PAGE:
Medium-light to medium body, with a gentle creaminess. Moderate carbonation. Smooth. Moderately crisp finish. May have a bit of alcohol warming.
Medium-light to medium body, with a gentle creaminess. Moderate carbonation. Smooth.
2008 guidelines seem to be either way off or making a huge concession to Great Lakes Eliot Ness with the alcohol warming note. Glad that’s gone. There should be no alcohol warming in a 5.5% max beer. Note on crisp finish was moved to flavor, which is fine.
American versions can be a bit stronger, drier and more bitter, while European versions tend to be sweeter. Many Mexican amber and dark lagers used to be more authentic, but unfortunately are now more like sweet, adjunct-laden American Dark Lagers.
A standard-strength everyday beer, not a beer brewed for festivals. American versions can be a bit stronger, drier and more bitter, while modern European versions tend to be sweeter. Many Mexican amber and dark lagers used to be more authentic, but unfortunately are now more like sweet, adjunct-laden Amber/Dark International Lagers. Regrettably, many modern examples use adjuncts which lessen the rich malt complexity characteristic of the best examples of this style. This style is on the watch list to move to the Historical category in future guidelines; that would allow the classic style to be described while moving the sweeter modern versions to the International Amber or Dark Lager styles.
Comments in the 2015 guidelines make more sense to me, with the exception of the potential move to Historical. This style is seeing a bit of a revival with many small craft brewers making the style and Sierra Nevada has begun bottling and nationally distributing their example, which is quite a good example of the style too IMO, it’s also the second rated Vienna Lager on BeerAdvocate’s list. Which is especially noteworthy because number 1 is Eliot Ness, which is pretty much ruled out in these guidelines due to its strength and bitterness. I think the style should probably stay where it is and the adjunct laden Mexican Vienna Lagers should move to International Amber or Dark as appropriate. This is really the only spot where the 2015 guidelines get fuzzy on whether Negra Modelo should still be considered a Vienna lager for BJCP style purposes. The comments seem to indicate it still belongs here, but the rest of the style description makes it seem quite out of place. My favorite part of the new comments is the first line: “A standard-strength everyday beer”. If you’ve ever had Devil’s Backbone Vienna Lager, that description hits it on the nose. If you look at some of the BeerAdvocate reviews of that beer, you’ll see several comments to that effect.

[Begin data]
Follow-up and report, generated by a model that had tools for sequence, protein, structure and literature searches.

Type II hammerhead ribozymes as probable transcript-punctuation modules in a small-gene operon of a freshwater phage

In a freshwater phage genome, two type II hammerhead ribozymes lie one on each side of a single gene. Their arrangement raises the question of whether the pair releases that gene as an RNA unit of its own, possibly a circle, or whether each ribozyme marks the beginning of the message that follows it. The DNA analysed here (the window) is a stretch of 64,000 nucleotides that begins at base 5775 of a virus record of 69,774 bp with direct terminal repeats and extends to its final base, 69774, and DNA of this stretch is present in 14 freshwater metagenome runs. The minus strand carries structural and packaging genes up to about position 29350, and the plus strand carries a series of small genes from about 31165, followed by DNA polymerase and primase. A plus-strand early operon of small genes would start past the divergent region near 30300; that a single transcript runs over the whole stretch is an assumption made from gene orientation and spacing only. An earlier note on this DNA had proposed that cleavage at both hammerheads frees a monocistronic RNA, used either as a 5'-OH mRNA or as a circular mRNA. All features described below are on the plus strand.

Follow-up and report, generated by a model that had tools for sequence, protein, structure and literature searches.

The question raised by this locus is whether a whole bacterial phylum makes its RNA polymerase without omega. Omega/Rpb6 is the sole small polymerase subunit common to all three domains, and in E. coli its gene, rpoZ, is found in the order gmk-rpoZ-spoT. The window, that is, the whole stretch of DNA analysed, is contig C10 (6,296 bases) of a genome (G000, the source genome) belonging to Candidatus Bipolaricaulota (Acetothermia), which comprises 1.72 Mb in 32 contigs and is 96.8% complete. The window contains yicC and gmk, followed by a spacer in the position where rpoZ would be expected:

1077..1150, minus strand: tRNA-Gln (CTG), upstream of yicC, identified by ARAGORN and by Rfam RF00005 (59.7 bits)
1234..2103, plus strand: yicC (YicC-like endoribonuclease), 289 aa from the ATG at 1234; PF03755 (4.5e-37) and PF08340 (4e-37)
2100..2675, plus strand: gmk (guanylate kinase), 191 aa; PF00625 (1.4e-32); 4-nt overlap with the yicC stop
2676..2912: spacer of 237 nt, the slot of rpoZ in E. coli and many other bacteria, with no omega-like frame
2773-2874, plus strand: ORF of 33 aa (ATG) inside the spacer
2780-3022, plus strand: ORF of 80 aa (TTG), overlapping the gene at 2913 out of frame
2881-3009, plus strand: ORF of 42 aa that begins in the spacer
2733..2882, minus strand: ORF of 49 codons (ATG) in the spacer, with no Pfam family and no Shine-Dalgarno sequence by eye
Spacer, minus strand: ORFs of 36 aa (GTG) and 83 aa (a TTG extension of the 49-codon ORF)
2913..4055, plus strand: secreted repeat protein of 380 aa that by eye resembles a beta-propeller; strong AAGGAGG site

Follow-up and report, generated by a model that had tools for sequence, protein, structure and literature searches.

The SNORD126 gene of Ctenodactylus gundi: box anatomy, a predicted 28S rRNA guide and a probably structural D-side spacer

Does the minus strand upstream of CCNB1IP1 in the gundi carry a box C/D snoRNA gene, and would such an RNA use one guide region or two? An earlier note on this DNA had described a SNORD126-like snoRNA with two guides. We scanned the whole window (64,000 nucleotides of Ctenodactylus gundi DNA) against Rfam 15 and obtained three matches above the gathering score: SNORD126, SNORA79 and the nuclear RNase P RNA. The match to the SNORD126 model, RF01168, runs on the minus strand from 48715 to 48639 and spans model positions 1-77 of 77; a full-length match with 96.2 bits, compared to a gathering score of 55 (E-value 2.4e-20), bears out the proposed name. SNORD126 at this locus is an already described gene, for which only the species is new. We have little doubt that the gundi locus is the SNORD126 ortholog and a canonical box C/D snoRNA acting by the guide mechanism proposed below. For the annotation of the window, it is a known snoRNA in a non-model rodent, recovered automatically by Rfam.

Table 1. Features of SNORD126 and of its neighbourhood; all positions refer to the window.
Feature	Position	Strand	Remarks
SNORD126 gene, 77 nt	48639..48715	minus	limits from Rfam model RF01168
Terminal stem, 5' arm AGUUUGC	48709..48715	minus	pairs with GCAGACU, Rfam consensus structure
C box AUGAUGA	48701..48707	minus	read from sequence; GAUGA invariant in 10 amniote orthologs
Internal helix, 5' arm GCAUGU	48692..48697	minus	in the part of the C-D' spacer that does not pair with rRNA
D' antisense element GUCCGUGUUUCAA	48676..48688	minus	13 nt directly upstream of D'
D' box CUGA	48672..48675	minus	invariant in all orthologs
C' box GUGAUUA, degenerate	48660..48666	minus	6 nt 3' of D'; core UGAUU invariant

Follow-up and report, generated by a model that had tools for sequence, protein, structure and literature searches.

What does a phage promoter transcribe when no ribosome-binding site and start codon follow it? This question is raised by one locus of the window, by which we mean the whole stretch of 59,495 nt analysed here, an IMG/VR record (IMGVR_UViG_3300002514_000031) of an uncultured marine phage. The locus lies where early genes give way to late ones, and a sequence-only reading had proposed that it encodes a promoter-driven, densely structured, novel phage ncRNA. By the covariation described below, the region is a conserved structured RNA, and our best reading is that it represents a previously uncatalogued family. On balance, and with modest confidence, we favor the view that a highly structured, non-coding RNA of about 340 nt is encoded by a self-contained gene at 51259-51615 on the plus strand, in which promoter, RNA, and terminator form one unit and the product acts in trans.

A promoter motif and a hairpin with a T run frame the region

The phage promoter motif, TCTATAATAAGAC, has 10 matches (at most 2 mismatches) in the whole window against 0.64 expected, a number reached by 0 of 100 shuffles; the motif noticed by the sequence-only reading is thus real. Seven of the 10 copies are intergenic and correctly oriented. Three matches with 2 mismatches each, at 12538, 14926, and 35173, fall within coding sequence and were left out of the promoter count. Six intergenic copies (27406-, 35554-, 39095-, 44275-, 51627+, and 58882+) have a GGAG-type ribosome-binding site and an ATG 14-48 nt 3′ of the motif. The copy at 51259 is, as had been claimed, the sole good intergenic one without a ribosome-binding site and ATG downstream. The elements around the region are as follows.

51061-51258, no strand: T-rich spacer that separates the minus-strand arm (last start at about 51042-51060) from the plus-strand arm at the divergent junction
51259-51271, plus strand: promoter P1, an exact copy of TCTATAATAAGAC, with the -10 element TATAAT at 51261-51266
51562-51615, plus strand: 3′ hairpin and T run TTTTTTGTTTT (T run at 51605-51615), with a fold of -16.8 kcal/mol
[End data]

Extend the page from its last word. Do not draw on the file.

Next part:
The original amber lager developed by Anton Dreher shortly after the isolation of lager yeast. Nearly extinct in its area of origin, the style continues in Mexico where it was brought by Santiago Graf and other Austrian immigrant brewers in the late 1800s. Regrettably, most modern examples use adjuncts which lessen the rich malt complexity characteristic of the best examples of this style. The style owes much of its character to the method of malting (Vienna malt). Lighter malt character overall than Oktoberfest, yet still decidedly balanced toward malt.
Developed by Anton Dreher in Vienna in 1841, became popular in the mid-late 1800s. Now nearly extinct in its area of origin, the style continues in Mexico where it was brought by Santiago Graf and other Austrian immigrant brewers in the late 1800s. Authentic examples are increasingly hard to find (except perhaps in the craft beer industry) as formerly good examples become sweeter and use more adjuncts.
No changes of note here
Vienna malt provides a lightly toasty and complex, melanoidin-rich malt profile. As with Oktoberfests, only the finest quality malt should be used, along with Continental hops (preferably noble varieties). Moderately hard, carbonate-rich water. Can use some caramel malts and/or darker malts to add color and sweetness, but caramel malts shouldn’t add significant aroma and flavor and dark malts shouldn’t provide any roasted character.
2015 Characteristic Ingredients
Vienna malt provides a lightly toasty and complex, Maillard-rich malt profile. As with Märzens, only the finest quality malt should be used, along with Continental hops (preferably Saazer types or Styrians). Can use some caramel malts and/or darker malts to add color and sweetness, but caramel malts shouldn’t add significant aroma and flavor and dark malts shouldn’t provide any roasted character.